Warm season heavy rainfall events over the Huaihe River Valley and their linkage with wintertime thermal condition of the tropical oceans

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Warm season heavy rainfall events over the Huaihe River Valley (HRV) of China are amongst the top causes of agriculture and economic loss in this region. Thus, there is a pressing need for accurate seasonal prediction of HRV heavy rainfall events. This study improves the seasonal prediction of HRV heavy rainfall by implementing a novel rainfall framework, which overcomes the limitation of traditional probability models and advances the statistical inference on HRV heavy rainfall events. The framework is built on a three-cluster Normal mixture model, whose distribution parameters are sampled using Bayesian inference and Markov Chain Monte Carlo algorithm. The three rainfall clusters reflect probability behaviors of light, moderate, and heavy rainfall, respectively. Our analysis indicates that heavy rainfall events make the largest contribution to the total amount of seasonal precipitation. Furthermore, the interannual variation of summer precipitation is attributable to the variation of heavy rainfall frequency over the HRV. The heavy rainfall frequency, in turn, is influenced by sea surface temperature anomalies (SSTAs) over the north Indian Ocean, equatorial western Pacific, and the tropical Atlantic. The tropical SSTAs modulate the HRV heavy rainfall events by influencing atmospheric circulation favorable for the onset and maintenance of heavy rainfall events. Occurring 5 months prior to the summer season, these tropical SSTAs provide potential sources of prediction skill for heavy rainfall events over the HRV. Using these preceding SSTA signals, we show that the support vector machine algorithm can predict HRV heavy rainfall satisfactorily. The improved prediction skill has important implication for the nation’s disaster early warning system.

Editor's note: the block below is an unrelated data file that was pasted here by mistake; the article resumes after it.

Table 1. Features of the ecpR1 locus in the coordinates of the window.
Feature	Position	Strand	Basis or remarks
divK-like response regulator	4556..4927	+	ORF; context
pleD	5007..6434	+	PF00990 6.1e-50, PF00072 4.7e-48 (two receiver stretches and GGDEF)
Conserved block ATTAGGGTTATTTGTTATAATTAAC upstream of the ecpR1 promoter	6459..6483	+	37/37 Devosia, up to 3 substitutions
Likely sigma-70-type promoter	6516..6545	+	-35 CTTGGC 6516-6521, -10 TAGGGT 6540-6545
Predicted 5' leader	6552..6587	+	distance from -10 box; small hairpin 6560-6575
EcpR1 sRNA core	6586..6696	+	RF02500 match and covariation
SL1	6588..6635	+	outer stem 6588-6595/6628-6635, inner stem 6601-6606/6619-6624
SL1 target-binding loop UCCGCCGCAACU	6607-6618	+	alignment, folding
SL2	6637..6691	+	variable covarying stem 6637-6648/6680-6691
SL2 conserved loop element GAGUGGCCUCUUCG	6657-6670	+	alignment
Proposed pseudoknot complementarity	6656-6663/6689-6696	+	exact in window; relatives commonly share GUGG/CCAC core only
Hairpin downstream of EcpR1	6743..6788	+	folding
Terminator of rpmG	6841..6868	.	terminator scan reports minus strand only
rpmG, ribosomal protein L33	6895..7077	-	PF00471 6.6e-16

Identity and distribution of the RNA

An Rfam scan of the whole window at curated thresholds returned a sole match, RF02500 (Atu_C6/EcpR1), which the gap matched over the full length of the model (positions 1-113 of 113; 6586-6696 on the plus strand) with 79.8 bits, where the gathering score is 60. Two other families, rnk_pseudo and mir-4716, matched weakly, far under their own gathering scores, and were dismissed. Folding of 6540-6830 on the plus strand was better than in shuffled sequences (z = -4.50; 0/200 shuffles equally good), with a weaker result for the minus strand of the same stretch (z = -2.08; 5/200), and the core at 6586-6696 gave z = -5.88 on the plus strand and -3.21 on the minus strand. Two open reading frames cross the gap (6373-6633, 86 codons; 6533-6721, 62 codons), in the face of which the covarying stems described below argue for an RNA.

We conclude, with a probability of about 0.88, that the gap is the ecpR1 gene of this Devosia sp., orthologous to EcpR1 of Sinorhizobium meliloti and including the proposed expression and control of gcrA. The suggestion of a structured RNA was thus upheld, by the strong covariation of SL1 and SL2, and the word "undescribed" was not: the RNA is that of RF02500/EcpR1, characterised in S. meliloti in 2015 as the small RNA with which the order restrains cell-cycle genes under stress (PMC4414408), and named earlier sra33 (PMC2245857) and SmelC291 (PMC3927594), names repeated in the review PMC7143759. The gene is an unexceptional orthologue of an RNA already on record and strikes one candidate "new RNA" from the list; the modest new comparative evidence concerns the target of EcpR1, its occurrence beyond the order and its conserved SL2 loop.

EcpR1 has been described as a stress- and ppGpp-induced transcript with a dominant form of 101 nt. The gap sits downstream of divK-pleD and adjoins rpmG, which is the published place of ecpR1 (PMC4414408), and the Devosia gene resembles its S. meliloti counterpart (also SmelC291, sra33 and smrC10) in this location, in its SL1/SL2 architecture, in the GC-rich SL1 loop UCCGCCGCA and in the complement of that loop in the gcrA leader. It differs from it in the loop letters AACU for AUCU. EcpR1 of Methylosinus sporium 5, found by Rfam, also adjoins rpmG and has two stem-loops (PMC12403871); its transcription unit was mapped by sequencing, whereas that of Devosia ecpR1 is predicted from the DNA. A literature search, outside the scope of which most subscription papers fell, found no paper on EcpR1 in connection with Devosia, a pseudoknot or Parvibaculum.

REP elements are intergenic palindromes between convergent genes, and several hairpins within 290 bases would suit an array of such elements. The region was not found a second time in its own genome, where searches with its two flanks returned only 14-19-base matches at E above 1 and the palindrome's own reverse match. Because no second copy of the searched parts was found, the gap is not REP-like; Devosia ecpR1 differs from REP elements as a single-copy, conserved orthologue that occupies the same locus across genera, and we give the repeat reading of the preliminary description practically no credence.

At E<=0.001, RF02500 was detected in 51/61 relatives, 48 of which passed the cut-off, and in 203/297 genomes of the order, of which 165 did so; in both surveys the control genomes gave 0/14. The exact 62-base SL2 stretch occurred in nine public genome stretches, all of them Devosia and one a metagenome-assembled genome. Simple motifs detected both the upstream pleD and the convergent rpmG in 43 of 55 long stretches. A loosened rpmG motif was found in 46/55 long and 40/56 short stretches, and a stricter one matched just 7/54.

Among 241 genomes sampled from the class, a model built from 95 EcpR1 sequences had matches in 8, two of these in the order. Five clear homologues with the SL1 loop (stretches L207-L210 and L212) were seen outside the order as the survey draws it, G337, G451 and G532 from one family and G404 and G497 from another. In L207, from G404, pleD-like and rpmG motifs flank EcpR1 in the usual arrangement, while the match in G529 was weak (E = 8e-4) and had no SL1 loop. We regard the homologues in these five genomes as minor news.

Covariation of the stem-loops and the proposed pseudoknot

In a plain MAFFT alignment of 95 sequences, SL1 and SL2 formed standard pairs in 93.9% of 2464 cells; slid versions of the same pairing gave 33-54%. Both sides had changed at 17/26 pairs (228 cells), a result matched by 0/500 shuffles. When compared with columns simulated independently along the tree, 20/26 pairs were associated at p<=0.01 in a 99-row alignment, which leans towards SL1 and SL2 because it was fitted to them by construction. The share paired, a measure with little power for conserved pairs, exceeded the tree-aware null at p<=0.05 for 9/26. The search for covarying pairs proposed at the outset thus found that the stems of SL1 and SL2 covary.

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Li, L, W Li, Q Tang, P Zhang and Y Liu (2015). Warm season heavy rainfall events over the Huaihe River Valley and their linkage with wintertime thermal condition of the tropical oceans. Climate Dynamics, 46(1). pp. 1–12. 10.1007/s00382-015-2569-2 Retrieved from https://hdl.handle.net/10161/11510.

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Wenhong Li

Associate Professor of Climate

Dr. Li's research interests focus primarily on climate dynamics, land-atmosphere interaction, hydroclimatology, and climate modeling. Her current research is to understand how the hydrological cycle changes in the current and future climate and their impacts on the ecosystems, subtropical high variability and change, unforced global temperature variability, and climate and health issues.

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